Thursday, July 16, 2015

Join The Black Star Project at the Taste of WVON; So You Want To BeAn Athlete? - Here's How!; Brother Taki Raton Joins Ancestors; SenatorsLightford and Collins Promote Pathway to Apprenticeship

Taste of WVON
So You Want To Be An Athlete?
Brother Taki Raton Joins Ancestors
Pathways to Apprenticeships
Bring the Million Father March to Your City
Join Father Pfleger for PEACE
Sunday University
The Black Star Project and
the Black Star Community PTA
at the Taste of WVON

Saturday, July 18, 2015, 10:00 am to dusk,
87th and Ingleside/Dauphin, Chicago, IL
Helping Young Black Men Make Smart
Decisions About Becoming an Athlete
All across America in too many households' sports and entertainment have been too much the focus of too many of our children. Many of them have unrealistic dreams of becoming professional athletes. Rather than seeing, hearing and watching the rags-to-riches stories where underprivileged athletes reach the Promised Land by way of their talents. The undeniable stories are of the many who never make it, which, resonates deeper in the fabric of America than most want to admit.

In this book, I hope to impart some real experiences, exercises and a blue print that can help you reach your full potential but also information that will help you accept the fact that athletics are not the only path there is for a worthwhile and wonderful life. You can become greater than you ever imagined even if you do not make it as a professional athlete you can make it as a professional person! Please share with your contacts and support this movement to create a generation of Professionals!!!
For information on how to get your copy (s) of the book, send me an email @ Thank you for your support.
Brother Taki Raton, a Black Nationalist and Revolutionary Educator, Joins the Ancestors!
Taki S. Raton,
a molder of young minds

By James E. Causey
July 10, 2015
Brother Taki Raton.
Taki S. Raton believed in bucking the status quo, especially when it constantly failed people of color.
When Milwaukee Public Schools struggled to educate African-American children, producing a 50% graduation rate, Raton didn't just complain, he decided to start his own charter school - Blyden Delany Academy - which operated under Milwaukee's choice program for 10 years. The school's emphasis was on youths learning and appreciating their African roots.
Raton - a black nationalist - was an educator who believed in self-reliance. He felt that no matter how poor or disadvantaged black people were, if they worked together and pooled their resources they could overcome any obstacle through an Afrocentric approach.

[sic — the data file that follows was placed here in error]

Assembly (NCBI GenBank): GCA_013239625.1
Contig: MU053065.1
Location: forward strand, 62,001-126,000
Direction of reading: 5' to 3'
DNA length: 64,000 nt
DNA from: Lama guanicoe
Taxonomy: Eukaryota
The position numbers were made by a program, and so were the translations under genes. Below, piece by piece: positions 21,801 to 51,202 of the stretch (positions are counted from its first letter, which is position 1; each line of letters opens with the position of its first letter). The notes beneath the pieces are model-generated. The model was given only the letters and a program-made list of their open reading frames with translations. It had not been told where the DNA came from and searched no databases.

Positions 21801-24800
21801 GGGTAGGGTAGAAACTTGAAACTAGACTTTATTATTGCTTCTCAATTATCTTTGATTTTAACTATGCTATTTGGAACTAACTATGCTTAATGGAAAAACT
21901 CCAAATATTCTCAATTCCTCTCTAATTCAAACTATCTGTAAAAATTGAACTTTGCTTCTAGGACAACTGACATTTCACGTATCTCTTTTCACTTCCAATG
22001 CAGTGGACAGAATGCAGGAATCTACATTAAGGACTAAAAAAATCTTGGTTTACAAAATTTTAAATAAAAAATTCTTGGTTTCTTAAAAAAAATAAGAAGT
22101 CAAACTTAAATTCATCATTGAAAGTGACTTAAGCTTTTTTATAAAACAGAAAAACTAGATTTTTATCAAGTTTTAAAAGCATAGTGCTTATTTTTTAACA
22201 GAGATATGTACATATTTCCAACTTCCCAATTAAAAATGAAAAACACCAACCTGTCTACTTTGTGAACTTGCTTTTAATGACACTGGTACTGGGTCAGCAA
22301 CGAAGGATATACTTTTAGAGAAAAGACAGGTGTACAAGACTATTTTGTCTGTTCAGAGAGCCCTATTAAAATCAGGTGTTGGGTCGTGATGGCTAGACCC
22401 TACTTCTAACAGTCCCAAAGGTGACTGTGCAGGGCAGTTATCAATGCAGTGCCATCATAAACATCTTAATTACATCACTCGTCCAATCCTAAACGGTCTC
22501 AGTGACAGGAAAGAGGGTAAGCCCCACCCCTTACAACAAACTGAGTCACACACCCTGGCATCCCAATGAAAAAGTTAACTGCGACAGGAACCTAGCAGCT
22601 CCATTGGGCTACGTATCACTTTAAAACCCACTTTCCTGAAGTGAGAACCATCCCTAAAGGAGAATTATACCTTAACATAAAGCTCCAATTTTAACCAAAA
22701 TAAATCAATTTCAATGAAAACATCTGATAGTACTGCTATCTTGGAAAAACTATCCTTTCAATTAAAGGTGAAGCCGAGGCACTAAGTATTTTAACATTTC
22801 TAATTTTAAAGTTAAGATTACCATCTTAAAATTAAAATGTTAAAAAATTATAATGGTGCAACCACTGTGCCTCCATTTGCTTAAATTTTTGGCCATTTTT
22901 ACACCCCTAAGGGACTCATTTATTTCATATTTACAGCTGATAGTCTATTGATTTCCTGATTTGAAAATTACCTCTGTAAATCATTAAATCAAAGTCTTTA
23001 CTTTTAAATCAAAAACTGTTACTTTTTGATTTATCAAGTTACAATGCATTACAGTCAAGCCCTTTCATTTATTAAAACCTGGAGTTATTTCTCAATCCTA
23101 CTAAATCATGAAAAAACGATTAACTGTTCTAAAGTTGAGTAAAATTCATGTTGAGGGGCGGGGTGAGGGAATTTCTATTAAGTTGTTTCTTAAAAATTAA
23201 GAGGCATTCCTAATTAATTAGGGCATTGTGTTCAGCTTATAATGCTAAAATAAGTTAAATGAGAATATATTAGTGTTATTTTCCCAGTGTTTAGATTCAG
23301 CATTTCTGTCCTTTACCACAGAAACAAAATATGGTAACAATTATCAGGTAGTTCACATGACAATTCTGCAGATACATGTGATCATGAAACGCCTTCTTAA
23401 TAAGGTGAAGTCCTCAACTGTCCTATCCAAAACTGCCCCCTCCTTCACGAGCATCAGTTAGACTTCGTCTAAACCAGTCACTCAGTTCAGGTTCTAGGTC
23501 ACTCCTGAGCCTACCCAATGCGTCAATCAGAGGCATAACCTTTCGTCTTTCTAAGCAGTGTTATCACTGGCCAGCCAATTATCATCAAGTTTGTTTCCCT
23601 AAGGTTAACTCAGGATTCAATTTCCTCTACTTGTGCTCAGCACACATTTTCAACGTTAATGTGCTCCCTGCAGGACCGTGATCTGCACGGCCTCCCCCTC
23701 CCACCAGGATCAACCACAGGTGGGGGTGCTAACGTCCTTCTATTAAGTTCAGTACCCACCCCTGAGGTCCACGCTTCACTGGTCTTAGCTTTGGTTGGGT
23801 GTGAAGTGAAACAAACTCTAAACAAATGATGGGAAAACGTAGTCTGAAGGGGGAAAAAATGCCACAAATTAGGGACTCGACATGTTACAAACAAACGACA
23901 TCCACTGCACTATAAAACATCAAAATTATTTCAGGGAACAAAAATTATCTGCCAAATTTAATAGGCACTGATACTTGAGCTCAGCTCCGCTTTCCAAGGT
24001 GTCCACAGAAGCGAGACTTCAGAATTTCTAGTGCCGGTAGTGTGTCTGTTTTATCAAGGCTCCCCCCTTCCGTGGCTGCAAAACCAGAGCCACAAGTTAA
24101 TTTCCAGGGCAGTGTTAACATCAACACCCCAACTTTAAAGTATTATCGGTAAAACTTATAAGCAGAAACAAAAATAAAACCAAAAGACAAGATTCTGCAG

Raton, 68, died Tuesday morning at St. Luke's Medical Center from a heart condition.
His death leaves a void in the black community.
Raton, a former MPS teacher, was often critical of the educational system that he said failed children of color, with half of black boys failing to graduate on time from MPS. He believed in a bold approach to teaching black children with an all-black staff and all-black school board. His K-8 grade school, which was at N. 24th St. and W. McKinley Ave., had a successful run but closed in 2008 due to financial deficiencies and a lack of support from the black community.
Raton felt the community was satisfied with a failing status quo.
Raton's school stressed that self-respect, self-esteem, civility and responsible citizenship always begins "in house" within one's family and within one's community.
Raton moved to Milwaukee from Chicago about 25 years ago for a teaching job. He quickly felt that Milwaukee was a city where he could do a lot of work and change the conscience of people, his son, Kiari Raton, told me.
"He was strong into his roots for as long as I can remember. He felt that the more people were educated on their history, the more that they could do to help themselves," Kiari said.
Click Here to Read Full Story
State Senators Kimberly Lightford, Jacqueline Collins and the Illinois Legislative Black Caucus Invite those Interested to the

Monday, July 20, 2015, 1:00 pm to 3:00 pm at Dawson Technical Institute, 3901 South State Street, Chicago, Illinois. Please call 708.343.7444 or 773.224.2830 for more information.